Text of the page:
Opioid overdoes in United States increased by 30% in only 14 months


The states with the largest increases in overdose-related visits during the period were Wisconsin, Illinois, Indiana, Ohio, and Missouri.

The hospital data is collected by the CDC's Enhanced State Opioid Overdose Surveillance program. Among those regions, Midwestern emergency departments experienced the highest increase in overdoses - up to 70 percent - compared to those in the Southeast, which saw a rise of 14 percent.

"All five regions of the USA saw significant increases during this time period", said Anne Schuchat, MD, acting CDC director, in a CDC tele-briefing Tuesday.

"The potency and toxicity of what's on the street is very high right now", said Schuchat.

The most recent numbers in Orleans Parish show that opioids were involved in 166 drug-related deaths in 2016. In the United States in 2016, illicit and prescription drug overdoses killed 64,000 people.

But when a person dies and a drug overdose is suspected, medical examiners and coroners launch investigations that sometimes take weeks, if not months, to complete. It also is a juncture where people can get help before their drug use kills them.

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The new CDC "Vital Signs" report was released a week after Attorney General Jeff Sessions issued a "statement of interest" in support of the local governments that are already suing the big pharmaceutical makers and distributors that have swamped many states with prescription painkillers that have turned millions of Americans into junkies.

The CDC also used looked at a second data set, from the National Syndromic Surveillance Program (NSSP) Biosense platform. "We're about at capacity now and we're seeing a lot of younger people addicted to opioids", said Travis Hall, Executive Director. During the entire period studied, the state had 3,427 ER visits for suspected opioid overdoses. Schuchat called these services "essential hubs" in stemming the opioid crisis.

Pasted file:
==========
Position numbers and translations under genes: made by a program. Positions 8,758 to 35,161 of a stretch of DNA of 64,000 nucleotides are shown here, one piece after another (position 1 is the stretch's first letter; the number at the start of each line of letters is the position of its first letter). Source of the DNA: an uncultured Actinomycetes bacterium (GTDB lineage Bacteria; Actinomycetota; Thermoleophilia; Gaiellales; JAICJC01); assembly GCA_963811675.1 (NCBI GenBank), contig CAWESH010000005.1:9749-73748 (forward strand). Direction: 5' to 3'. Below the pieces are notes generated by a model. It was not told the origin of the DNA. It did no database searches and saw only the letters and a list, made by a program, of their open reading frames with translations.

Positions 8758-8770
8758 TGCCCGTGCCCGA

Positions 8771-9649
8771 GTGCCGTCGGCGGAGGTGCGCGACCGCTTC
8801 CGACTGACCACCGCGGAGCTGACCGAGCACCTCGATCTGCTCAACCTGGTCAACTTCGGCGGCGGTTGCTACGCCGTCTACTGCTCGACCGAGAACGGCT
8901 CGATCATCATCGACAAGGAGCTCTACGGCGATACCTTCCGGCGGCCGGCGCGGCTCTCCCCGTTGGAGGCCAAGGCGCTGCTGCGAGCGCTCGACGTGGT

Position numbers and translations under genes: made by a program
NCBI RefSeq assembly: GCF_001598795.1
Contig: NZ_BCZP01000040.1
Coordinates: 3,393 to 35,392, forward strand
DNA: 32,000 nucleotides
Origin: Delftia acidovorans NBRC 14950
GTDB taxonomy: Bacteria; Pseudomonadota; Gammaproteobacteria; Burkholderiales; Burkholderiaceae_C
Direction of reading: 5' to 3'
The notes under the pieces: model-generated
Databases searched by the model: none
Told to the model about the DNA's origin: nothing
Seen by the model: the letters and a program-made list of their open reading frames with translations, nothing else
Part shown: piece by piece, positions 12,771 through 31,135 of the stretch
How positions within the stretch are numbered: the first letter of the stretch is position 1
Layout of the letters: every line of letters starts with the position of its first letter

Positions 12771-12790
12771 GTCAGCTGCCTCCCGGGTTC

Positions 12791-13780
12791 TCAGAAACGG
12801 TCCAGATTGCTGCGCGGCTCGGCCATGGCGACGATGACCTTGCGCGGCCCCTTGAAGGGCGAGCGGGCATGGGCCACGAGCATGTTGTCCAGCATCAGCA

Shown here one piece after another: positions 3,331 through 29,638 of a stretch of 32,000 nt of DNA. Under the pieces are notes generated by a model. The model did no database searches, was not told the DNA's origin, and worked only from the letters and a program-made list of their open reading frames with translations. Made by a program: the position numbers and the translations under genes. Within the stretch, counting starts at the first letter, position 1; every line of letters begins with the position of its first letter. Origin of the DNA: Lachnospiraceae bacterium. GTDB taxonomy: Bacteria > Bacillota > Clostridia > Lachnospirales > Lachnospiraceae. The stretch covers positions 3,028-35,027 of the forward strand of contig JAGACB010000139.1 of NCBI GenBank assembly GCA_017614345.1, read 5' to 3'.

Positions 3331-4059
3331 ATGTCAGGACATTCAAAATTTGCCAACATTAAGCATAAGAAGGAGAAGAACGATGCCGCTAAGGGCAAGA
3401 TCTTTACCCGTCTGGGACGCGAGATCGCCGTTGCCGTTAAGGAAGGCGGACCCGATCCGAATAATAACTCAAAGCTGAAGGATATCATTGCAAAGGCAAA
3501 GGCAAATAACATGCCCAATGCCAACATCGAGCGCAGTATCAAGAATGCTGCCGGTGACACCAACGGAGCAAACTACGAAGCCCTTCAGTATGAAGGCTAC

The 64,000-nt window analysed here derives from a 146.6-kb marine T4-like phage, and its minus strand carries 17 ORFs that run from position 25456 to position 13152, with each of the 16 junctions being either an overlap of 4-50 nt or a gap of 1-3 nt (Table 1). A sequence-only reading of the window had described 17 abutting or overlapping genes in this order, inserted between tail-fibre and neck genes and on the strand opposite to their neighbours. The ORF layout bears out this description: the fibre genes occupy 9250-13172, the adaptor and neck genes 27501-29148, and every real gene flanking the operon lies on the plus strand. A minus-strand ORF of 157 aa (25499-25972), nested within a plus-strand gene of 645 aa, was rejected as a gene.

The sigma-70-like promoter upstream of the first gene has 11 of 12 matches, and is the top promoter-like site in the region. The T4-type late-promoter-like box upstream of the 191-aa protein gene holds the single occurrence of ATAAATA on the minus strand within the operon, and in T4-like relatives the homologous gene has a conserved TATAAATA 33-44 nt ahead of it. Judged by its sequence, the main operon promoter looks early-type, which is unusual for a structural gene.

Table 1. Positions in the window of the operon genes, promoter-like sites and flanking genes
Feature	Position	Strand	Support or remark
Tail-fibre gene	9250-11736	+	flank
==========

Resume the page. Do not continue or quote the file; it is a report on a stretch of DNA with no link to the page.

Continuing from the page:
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Jennifer Miller, a spokeswoman for the state Department of Health Services, said many suspected opioid overdoses in ERs don't become confirmed cases.

The opioid epidemic in the US continues to worsen based on new data from the Centers for Disease Control.

People who have an overdose are more likely to have another, which highlights the importance of emergency departments in making sure the user has education and access to treatment, according to the report. But a report by NPR suggested the availability of highly potent drugs like fentanyl may have had an impact on the number of overdoses there.

"Incrementalism is insufficient", he said.

"We wanted more timely information", Schuchat says. "This is not just health care", he said.

Sessions' move - like Trump's much-hyped opioid commission - are all talk and not much action.

Last year, President Trump declared the USA opioid crisis as a "national public health emergency" - although U.S. media outlets reported that the declaration fell short of a full national emergency and the funding that would come with it.

"I meet with those on the frontlines of this opioid crisis in OH regularly", said a statement from Portman.